The elusive bushbuck, with its striped back and spotted flanks, is one of the prettier antelope but being solitary and preferring to inhabit areas of dense cover, they are not seen very often and they scurry away quickly. They browse on foliage and fruit and sometimes remain for hours beneath certain flowering trees, especially the sausage tree (Kigelia Africana).


Three kinds of duiker occur in Zambia. The yellow-backed Duiker is the largest of the three with backward-directed horns in line with their nose profile. It has a dark brown coat with a conspicuous yellow patch on the lower back and rump, the hairs on which rise when alarmed. They move alone in dense thickets and forests. This antelope is very rarely seen as it is mainly nocturnal. The blue duiker also has backward-pointing horns but is much smaller and greyish brown in colour. They browse on leaves and small fruit and are also rarely seen. The common duiker is usually seen on the move in the early morning or evening in scrub or woodland. It hides during the heat of the day in patches of thick vegetation. It has a very characteristic way of running in a zig-zag fashion interspersed with plunging leaps.


 Eland are graceful animals, with their large pendulous dewlap and pale fawn colour. The largest of the antelope found in Zambia, the eland can weigh up to 680kg / 1 500lb. Their weight, however, does not hamper them from jumping, virtually from a standing position to a height of more than two metres / seven feet. 

Both sexes have horns in a short outward direction with an upward twist, which are important for feeding. To collect twigs they grasp them between the stalks, breaking them loose with a shake of their head and powerful neck. 

A shy animal that runs at the slightest disturbance, perhaps because they have always been hunted, especially by the San tribe who worshipped them and ate them as a form of communion. They move in medium-sized herds and old bulls tend to be solitary.


The most numerous animal in the bigger national parks, impala are gregarious and move in large herds. They are mixed feeders and eat mainly grass in the wet season and leaves as the dry season progresses.

They can also be found eating the fallen red fleshy flowers of the sausage tree. During the rutting period the males are very noisy, emitting loud grunting sounds while they fight and display. In the process they sort out their hierarchy, terminating in the dominant male and taking over a harem of 20 or more ewes.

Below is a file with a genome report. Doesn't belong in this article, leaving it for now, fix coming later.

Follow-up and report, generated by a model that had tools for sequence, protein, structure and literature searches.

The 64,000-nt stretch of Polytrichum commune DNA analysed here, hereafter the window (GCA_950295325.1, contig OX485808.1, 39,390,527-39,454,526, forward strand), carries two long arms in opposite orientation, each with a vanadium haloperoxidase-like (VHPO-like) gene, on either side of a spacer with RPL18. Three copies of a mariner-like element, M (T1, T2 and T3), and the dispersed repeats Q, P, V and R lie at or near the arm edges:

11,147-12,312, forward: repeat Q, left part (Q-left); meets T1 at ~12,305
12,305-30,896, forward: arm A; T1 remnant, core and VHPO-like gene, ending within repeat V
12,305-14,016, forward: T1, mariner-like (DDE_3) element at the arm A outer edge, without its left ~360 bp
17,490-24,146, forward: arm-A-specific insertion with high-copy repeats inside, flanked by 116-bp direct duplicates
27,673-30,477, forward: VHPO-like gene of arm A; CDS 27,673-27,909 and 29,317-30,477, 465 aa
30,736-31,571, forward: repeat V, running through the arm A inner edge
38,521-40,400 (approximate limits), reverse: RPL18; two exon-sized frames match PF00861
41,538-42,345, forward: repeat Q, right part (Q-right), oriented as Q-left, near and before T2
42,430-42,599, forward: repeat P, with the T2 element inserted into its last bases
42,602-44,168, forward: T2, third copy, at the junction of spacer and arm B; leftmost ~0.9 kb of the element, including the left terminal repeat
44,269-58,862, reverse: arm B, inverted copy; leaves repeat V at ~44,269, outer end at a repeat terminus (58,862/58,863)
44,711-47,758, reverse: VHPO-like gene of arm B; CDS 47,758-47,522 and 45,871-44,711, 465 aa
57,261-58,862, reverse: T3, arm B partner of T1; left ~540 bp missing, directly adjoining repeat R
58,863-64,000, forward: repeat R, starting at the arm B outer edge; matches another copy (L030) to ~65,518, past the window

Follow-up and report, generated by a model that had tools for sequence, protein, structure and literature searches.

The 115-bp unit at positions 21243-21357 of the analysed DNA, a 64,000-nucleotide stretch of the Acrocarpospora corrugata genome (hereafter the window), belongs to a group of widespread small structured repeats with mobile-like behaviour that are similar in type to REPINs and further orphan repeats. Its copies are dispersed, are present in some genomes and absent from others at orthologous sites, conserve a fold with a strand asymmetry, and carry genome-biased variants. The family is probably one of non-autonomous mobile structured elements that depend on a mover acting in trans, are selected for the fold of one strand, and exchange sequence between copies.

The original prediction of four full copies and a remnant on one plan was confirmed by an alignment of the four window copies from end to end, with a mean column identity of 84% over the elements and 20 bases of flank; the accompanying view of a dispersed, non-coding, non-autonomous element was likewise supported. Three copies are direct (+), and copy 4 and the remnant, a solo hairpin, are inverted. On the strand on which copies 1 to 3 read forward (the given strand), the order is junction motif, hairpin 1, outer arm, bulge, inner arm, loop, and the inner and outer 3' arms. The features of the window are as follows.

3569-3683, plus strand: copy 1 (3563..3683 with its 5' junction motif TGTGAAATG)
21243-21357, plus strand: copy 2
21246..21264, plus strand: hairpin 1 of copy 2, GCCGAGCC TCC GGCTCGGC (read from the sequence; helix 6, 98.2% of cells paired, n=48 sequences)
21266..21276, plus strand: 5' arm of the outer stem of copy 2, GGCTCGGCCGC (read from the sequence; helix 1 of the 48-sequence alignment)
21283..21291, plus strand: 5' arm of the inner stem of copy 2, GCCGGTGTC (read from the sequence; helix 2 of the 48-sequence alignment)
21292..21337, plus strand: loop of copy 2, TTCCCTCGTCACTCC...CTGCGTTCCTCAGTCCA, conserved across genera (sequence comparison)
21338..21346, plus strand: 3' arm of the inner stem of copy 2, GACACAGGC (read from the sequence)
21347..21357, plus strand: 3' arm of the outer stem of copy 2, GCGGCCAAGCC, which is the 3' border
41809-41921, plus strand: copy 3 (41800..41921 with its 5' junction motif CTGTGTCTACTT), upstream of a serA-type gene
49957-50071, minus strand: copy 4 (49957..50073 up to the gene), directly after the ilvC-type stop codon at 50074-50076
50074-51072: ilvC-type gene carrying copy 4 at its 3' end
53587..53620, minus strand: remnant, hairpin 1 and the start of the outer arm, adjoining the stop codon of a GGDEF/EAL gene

They have a well-defined lambing season starting at the end of October and in the following weeks, nearly every ewe is seen with a baby. Impala have an unusual tuft of black hair covering a scent gland on the hind legs, above the hooves. 

To escape their pursuers they employ a confusing, zig-zag escape route, with sudden directional changes and exceptionally high leaps that make it difficult for the attacker to strike.


Living on rocky outcrops and on mountain sides, these small antelope with short pointy horns occur sparsely in the Muchinga escarpment of the Luangwa Valley and occasionally in the north of Zambia. They bounce on the tips of their rubbery hooves as they walk, making their very long legs look even longer. Unlike the coats of other African antelope, their olive-yellow coat speckled with grey is stiff and brittle, serving as a cushion to ward off the shocks of hitting rock walls as they jump. They browse on herbs and shrubs and drink water when it is available but can draw enough water from their food.


A very beautiful antelope with long twisting spiralled horns displayed by the males. They are usually seen in small groups and occasionally males can be solitary or in bachelor parties. They are purely browsers and not known to eat grass.

Being very fond of the evergreen Trichelia emetica (often called a Natal mahogany), there is a very distinct ‘browse line’ as if they’ve been pruned by clippers.

Despite their impressive weight they can easily clear two metres / seven feet when jumping. Their acute hearing is accentuated by an ability to turn their large rounded ears in almost any direction.


Found in the northern parts of the country in small numbers, this light fawn coloured antelope prefers miombo woodland habitats and feeds exclusively on grass. It can sometimes be seen on the floodplains towards the end of the dry season seeking new pastures.


A semi-aquatic antelope that often moves in very large herds of several hundred. They graze knee-deep on the floodplain grasses. They have long thin horns going backwards and upwards. There are three kinds of lechwe found in Zambia.